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Date: 2022-07-01 Page is: DBtxt001.php txt00021098

Market Demand
A fundamental change

Who needs gasoline? Observations about the growing role of electricity in the world.

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Original article:
Burgess COMMENTARY

Peter Burgess
Who needs gasoline?

Kelly Evans

11:16 AM (42 minutes ago) to me

TUE, OCT 12, 2021

I joked in passing the other day 'Nat gas is the new oil' that if you buy an EV to replace your existing car, your household demand for gasoline goes away overnight, 'except for the lawn mower.' To which I got a raft of replies from people raving about their electric--and even robotic--lawn mowers and yard tools. I hadn't realized how many households have already made the switch.

And now, a whole lot more will be doing so by 2024, thanks to a new California law that was signed by Governor Newsom over the weekend. The law aims by that date to ban sales of 'small off-road engines,' which are primarily found in lawn mowers, leaf blowers, and generators. According to the bill, there were more air pollutants from these engines in California last year than from light-duty passenger cars. 'One hour of operation of a commercial leaf blower can emit as much [pollutant] as driving 1,100 miles in a passenger vehicle,' it notes.

Now, those familiar with the supply chain of household power tools might immediately know which companies this favors (and doesn't). For instance, those who love their electric RYOBI equipment might wish they had bought shares of Hong Kong-based Techtronic, their parent company, which have nearly tripled since 2019 (). (The company also owns brands like Hoover and Dirt Devil which seem likely pandemic beneficiaries.)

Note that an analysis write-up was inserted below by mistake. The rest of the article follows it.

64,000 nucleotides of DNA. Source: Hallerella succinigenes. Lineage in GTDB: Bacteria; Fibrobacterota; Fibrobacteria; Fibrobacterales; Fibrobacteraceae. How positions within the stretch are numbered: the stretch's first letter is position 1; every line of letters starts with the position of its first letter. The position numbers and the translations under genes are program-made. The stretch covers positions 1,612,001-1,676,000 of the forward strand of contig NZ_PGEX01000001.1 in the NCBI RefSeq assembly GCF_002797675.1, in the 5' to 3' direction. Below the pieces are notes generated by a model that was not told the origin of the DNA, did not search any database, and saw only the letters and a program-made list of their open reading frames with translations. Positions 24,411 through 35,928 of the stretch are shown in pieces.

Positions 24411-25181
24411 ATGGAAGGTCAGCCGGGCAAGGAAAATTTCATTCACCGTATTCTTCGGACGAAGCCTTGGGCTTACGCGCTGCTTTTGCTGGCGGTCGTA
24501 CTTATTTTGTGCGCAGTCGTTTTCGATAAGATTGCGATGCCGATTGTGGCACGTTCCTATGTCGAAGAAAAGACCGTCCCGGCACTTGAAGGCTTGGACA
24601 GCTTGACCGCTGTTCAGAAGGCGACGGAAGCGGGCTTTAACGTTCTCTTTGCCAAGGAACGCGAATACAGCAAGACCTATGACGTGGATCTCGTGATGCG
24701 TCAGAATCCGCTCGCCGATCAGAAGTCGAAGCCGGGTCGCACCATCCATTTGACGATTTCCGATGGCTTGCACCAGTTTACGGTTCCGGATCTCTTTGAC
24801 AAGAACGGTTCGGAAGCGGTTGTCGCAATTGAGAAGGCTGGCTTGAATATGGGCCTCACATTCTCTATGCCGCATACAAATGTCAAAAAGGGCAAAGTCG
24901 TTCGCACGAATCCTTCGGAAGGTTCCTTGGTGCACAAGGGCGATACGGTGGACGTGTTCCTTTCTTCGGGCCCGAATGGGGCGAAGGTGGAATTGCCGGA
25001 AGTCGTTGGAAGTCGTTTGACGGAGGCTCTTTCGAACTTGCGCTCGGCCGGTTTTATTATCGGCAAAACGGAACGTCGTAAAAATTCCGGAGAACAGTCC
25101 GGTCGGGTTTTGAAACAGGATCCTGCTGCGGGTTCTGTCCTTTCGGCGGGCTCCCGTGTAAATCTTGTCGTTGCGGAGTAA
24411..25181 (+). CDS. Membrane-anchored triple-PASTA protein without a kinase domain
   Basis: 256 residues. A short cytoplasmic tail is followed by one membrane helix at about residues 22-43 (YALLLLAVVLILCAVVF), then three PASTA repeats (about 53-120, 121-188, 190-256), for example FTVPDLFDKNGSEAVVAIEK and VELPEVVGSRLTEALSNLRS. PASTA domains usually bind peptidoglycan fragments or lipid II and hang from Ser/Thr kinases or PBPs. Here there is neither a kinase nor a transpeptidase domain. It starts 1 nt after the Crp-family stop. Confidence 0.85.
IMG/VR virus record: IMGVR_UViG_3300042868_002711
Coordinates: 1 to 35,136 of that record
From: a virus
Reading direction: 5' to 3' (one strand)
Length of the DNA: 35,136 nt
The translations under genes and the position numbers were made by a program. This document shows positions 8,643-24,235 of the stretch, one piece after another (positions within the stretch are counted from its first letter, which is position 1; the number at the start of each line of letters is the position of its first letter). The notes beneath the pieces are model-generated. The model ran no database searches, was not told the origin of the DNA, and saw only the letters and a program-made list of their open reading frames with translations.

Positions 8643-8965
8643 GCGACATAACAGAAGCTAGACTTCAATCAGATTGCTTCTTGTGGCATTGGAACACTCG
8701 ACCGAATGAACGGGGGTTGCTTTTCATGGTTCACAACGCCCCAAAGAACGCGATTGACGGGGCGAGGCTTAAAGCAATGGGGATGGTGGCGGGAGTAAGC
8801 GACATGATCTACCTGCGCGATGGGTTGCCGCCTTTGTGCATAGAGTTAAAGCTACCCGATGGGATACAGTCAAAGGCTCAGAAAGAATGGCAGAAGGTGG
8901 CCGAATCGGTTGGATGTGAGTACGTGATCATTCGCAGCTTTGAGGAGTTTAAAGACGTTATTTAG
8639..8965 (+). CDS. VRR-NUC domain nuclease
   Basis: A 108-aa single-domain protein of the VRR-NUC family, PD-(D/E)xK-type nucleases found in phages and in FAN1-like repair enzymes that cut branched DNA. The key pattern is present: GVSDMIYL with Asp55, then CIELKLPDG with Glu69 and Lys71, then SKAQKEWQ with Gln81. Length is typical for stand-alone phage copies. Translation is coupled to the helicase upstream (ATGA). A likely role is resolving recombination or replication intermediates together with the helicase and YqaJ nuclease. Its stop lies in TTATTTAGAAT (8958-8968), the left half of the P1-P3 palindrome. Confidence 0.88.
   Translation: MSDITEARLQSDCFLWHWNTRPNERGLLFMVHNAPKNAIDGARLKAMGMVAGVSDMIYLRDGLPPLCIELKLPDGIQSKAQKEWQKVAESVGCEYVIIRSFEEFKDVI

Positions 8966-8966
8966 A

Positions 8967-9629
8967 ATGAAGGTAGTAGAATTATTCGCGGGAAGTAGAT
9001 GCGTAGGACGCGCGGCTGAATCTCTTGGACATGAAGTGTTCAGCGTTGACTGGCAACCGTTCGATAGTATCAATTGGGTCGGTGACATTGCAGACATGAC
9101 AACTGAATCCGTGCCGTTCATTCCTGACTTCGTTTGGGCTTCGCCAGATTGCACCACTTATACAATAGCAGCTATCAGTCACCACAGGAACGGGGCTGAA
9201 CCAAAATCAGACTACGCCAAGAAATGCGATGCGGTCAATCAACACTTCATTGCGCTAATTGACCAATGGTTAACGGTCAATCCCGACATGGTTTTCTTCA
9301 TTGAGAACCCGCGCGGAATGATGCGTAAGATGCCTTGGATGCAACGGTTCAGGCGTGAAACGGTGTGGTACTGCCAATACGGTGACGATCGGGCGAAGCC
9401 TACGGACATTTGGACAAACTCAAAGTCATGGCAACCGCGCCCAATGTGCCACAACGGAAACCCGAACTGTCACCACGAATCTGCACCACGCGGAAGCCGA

But the bigger question is where this leaves demand for gasoline, and ultimately, for the entire oil-producing and refining infrastructure. You can tell me that there will still be demand for gasoline for many, many years, but I can tell you that the market is vicious and if it senses obsolescence will rapidly mark down the value of this supply chain. Why is Exxon trading 40% below where it was in 2014, the last time oil prices were this high? Why did the solar ETF have its best day in over a year yesterday when the price of oil shot above $81 a barrel, while the energy ETF declined?

Just this morning, Bank of America put out a massive 'Net Zero Primer' noting the huge market opportunities that the transition away from fossil fuels is starting to create. 'Exponential cost reductions in wind, solar, and batteries have made renewables the cheapest form of energy in areas producing >90% of global electricity,' they write. EV battery costs have dropped 89%, bringing cost parity with traditional cars to 2024 'or sooner,' they add.

And they point to what's already happening in the market: New fossil-fuel energy debt is pricing nearly a point (0.7pp) higher than other similar investment grade issuance. Equity multiples for stocks with the highest ESG scores now trade at a 25% premium to the market, versus a 20% discount historically.

Let's be clear: the squeeze in fossil fuel prices may not be over. Especially for natural gas, where Citi's Ed Morse this morning warns that a cold winter could see prices spiking to $100 per million BTUs! (Equivalent to over $500 a barrel for oil.) But Morse also warns that these spikes could actually make the policy leaders gathering at COP26 in a few weeks--the big UN Climate Summit--more likely to move more quickly in replacing fossil fuels with clean energy.

In the meantime, those who still want their gas-powered lawn tools and generators better act now--just look at how blackouts hit another 23 counties this week to fend off California wildfires as local wind speeds kicked up (which Britain needs right now to help keep its own power going!). The ironies are rich.

See you at 1 p.m!

Kelly Kelly Evans Twitter: @KellyCNBC Instagram: @realkellyevans
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YOUR AFTERNOON NEWS UPDATE AND MARKET ACTION FROM CNBC

AS OF TUE, OCT 12, 2021 • 11:14 ET

DJIA 34527.39 +0.09% +31.33

S&P 500 4362.30 +0.03% +1.11

NASDAQ 14483.67 -0.02% -2.53

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